Relief of a magnitude that brings tears defies description.

I relied on my status as a physician and on friendship to get us an appointment with a neurosurgeon the next morning.

He explained the choices: leave it alone, open surgery, or radiation. He said if it were his tumor, he’d prefer the radiation.  He also showed us the MRI image, with a bright cylinder an inch long and half-inch wide growing up from the floor of the skull just behind the left eye.

He doesn’t do that procedure, but his partner does. And that partner wouldn’t be back in the office till Tuesday the following week.

Basking in the light of a better diagnosis while marinating in the darkness of an upcoming brain procedure, we went about our business. We had ice cream with our neighbors, and friends over for dinner on Friday.

Yesterday we met with the neurosurgeon, who explained stereotactic radiosurgery. And today we met with the radiation oncologist.

The actual treatment consists of focusing a radiation beam on the tumor, zapping the same way sunlight, focused with a lens, burns one point.

The next step, the 3D MRI, remains unscheduled.

 

 

Colleagues, vitamin D, and statin myopathy

June 20, 2016

There once was a doc from Manhattan

One day we just fell to chattin’

I asked, “What would it take

Besides a muscular ache

To get someone off of a statin?”

 

Synopsis: I’m a Family Practitioner from Sioux City, Iowa. In 2010 I danced back from the brink of burnout, and honoring a 1 year non-compete clause, travelled and worked in out-of-the-way places in Alaska, Nebraska, Iowa, and New Zealand. After three years working with a Community Health Center, I went back to adventures in temporary positions until they have an Electronic Medical Record (EMR) system I can get along with. A winter in Nome, Alaska, assignments in rural Iowa, a summer with a bike tour in Michigan, and Urgent Care in suburban Pennsylvania stretched into the fall. Last winter found me working in western Nebraska and, later, in coastal Alaska.  After the birth of our first grandchild, I have returned to Nebraska. Any identifiable patient information has been included with permission.

 

Merkin’s Law states that any patient given a high enough dose of a statin for a long enough time will eventually hurt so badly exercise becomes impossible.

We call the drugs statins now because the generic names all end with those two syllables, but when they first came out we called them HMG coA reductase inhibitors. We used those drugs for years to lower cholesterol, in the hopes of decreasing risk of heart attack and stroke.

More than 20 years ago, though, a cynical doctor at the back of a lecture hall questioned the utility of that class of drugs if we got no net benefit in all-cause mortality. It seems, he said, that for every life saved from heart attack or stroke, one was lost to homicide, suicide, car accidents or respiratory infections.  The crowd laughed at the litany of diseases.  A year later, at the same Continuing Medical Education event, we chuckled when the same scene played, and a year after that, nobody laughed.  Aggressive drug company marketing fueled the cholesterol hysteria but I never developed a passion for treating cholesterol numbers.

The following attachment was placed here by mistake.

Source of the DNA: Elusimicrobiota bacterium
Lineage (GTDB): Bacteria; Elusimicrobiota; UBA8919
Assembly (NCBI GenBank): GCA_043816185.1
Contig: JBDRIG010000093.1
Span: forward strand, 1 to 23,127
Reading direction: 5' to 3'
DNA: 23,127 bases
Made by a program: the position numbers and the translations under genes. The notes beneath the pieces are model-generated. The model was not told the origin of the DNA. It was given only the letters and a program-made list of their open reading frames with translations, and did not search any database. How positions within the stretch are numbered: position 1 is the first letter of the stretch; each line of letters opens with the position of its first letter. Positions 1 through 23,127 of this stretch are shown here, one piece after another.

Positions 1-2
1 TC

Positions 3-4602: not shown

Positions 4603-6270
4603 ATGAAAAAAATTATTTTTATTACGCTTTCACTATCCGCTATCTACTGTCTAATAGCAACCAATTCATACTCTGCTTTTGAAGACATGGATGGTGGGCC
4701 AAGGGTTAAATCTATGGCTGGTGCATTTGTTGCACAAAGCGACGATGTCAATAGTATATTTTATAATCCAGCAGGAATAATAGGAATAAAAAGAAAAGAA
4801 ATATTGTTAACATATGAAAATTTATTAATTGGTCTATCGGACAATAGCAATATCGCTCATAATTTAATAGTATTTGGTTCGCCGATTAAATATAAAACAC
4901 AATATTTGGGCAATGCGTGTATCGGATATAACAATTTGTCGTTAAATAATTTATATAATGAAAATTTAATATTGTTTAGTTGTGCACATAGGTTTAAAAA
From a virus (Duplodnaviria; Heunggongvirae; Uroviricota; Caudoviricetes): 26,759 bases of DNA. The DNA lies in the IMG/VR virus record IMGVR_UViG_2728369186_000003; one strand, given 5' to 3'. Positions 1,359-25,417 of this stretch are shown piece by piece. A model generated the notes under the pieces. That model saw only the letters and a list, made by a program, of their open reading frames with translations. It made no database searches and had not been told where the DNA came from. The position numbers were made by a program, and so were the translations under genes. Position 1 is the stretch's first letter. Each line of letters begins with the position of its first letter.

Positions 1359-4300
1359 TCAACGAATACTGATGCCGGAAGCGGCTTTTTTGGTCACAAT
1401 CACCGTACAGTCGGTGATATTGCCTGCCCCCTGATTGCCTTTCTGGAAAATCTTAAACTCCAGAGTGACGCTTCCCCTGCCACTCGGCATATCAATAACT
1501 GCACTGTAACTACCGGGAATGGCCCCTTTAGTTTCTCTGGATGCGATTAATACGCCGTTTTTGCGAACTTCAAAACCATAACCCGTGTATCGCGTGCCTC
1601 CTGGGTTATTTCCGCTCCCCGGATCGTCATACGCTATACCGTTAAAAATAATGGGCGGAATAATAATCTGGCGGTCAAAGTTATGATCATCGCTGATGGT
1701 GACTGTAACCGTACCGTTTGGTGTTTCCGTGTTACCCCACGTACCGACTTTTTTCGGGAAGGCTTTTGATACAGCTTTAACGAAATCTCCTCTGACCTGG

My wife, after 3 years of statin therapy, over the course of 5 days developed such severe aches that her Tae Kwon Do class missed her black belt till she quit the med and recovered. Such circumstances did not endear that bunch of drugs to my heart.

Still, in context, I have the obligation to give my patients standard of care. I tell them about diet and exercise almost to the point of nagging, then I start the statin, and I warn them about side effects.

In the last two years, we have gotten convincing evidence that high-dose statins, regardless of cholesterol numbers, improve the outlook for those at high risk of heart attack and stroke.

Still if a statin patient hurts for no good reason, I tell them to stop the med, but I also test the blood for creatine phosphokinase (abbreviated to CPK or CK).

I outlined my personal algorithm to my colleague, and described my strategy of stop and rechallenge, and, if need be, use of coenzyme Q10.

He told me, gently, that coQ10 does no good, but switching to a lipid soluble statin does.

I found the discussion so constructive I went online, and found, to my chagrin, that he was right, and my past experience with coQ10 relied on the placebo effect.

I stuck my head in his office, and told him he was right. But I also told him I learned to check the thyroid and the vitamin D in those cases.  He looked at me with the same amazement I felt when I’d read about lipid-soluble statins.

We both emerged from the experience better doctors.